Posted on

Tool Guide: Focus on Stone Shaping

People have been shaping stones for millennia. As a natural material, stone varies widely, and a range of methods and tools can be used to achieve a similarly wide range of purposes. Stone shaping, focuses on basic techniques that are appropriate for landscape uses and building structural walls with stone. These techniques can often be applied to other types of stonework, such as veneer, as well.

“Stones are strong in compression, but weak in tension,” writes Brian Post, DSWA Master Craftsman, in this very informative article on stone shaping which appeared in this updated March 3, 2023 article (originally published in October 31, 2019 ) of Mother Earth News magazine. In the Basic Techniques for Shaping Stone article, Brian starts by explaining the difference between level bedded and irregular stone. He then details the tools and techniques used for various types of shaping: splitting, high spot removal, dressing, bending, tracing a line, etc. using different hammers and chisels. You can read the full 6-page article here.

Splitting:

Done by applying a force through a wedge tipped hammer or chisel. The stone immediately against the sides of the tip of the chisel is in compression, the rest of the stone will be in tension, where it is naturally weak, and this will allow the stone to split. Splitting is best applied in the direction of the bedding plane or with the grain of the stone.

Tools to use: Stone Busters, Tracing Chisel, Trimming Hammer

How a stone is supported has a tremendous effect on how it breaks.

High Spot Removal:

A critical part of getting stones to fit together when stacked, but it can be difficult because hitting a bump on a stone directly puts it in compression where it is quite strong. Using a point, concentrates the force causing chips to break off. Getting the correct angle and using a directional point makes it possible to split off larger pieces.

Tools to use: Directional Point, Point, Mason Chipper, Stone Busters

Dressing:

Generally refers to final shaping, done with lighter taps, to square up stones or put decorative textures on the stone. Often the light taps are essentially wearing away or slightly crushing the surface of the stone in a controlled way.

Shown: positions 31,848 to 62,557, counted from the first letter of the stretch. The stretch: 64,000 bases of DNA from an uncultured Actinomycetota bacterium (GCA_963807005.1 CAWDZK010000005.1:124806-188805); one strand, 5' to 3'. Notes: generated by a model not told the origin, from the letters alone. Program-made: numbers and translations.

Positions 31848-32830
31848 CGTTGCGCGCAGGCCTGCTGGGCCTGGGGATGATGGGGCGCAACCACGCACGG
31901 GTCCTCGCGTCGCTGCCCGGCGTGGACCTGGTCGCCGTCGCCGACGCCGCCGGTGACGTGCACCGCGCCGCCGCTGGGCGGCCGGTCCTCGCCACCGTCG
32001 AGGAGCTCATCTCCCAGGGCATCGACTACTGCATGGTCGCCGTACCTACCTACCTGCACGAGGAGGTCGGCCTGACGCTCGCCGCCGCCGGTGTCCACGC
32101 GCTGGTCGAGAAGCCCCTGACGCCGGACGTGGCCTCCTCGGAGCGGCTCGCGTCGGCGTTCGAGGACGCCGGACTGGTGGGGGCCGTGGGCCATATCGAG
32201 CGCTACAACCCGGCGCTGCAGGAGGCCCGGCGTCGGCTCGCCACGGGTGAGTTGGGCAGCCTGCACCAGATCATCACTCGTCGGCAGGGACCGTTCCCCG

Tools to use: Directional Point, Point, Mason Chipper, Tracing Chisel, Mason Chipper

UPCOMING STONE SHAPING WORKSHOPS:

Register for an upcoming Stone Shaping workshops for the year! In these workshop you’ll be introduced to a variety of stone types, and how to work with them. Both hand and power tools are demonstrated and used.

To see stone shaping in action, check out the How To videos on the Stone Trust website. All the tools used for these demonstrations can be found in the Stone Trust online store. Below (and to the right) are examples of stone shaping videos.

UNDERSTANDING  –Dressing granite, trimming off drill marks and more:
Watch Brian use a variety of tools are used to quickly remove quarry marks, soften drill holes, soften sharp edges, and remove drill hole marks entirely.

UNDERSTANDING HOW TO USE: a Rebit PKM 25 Point to Shape Stone:
A demonstration on what can be done with its versatile directional point to effectively shape even very hard stones. This video shows what can be done on a very hard granite like stone.  The PKM25 chisel is being used in conjunction with the Trow and Holden Chisel Wizard and Hand Hammer.

UNDERSTANDING how Stone Busters can be used for all kinds of trimming and shaping on Vermont fieldstone:
A large part of shaping when working with fieldstone is done with Stone Buster hammers. They are versatile, powerful, and can be used with great accuracy as well with the important bonus of not having to worry about hitting your hand while using these hammers.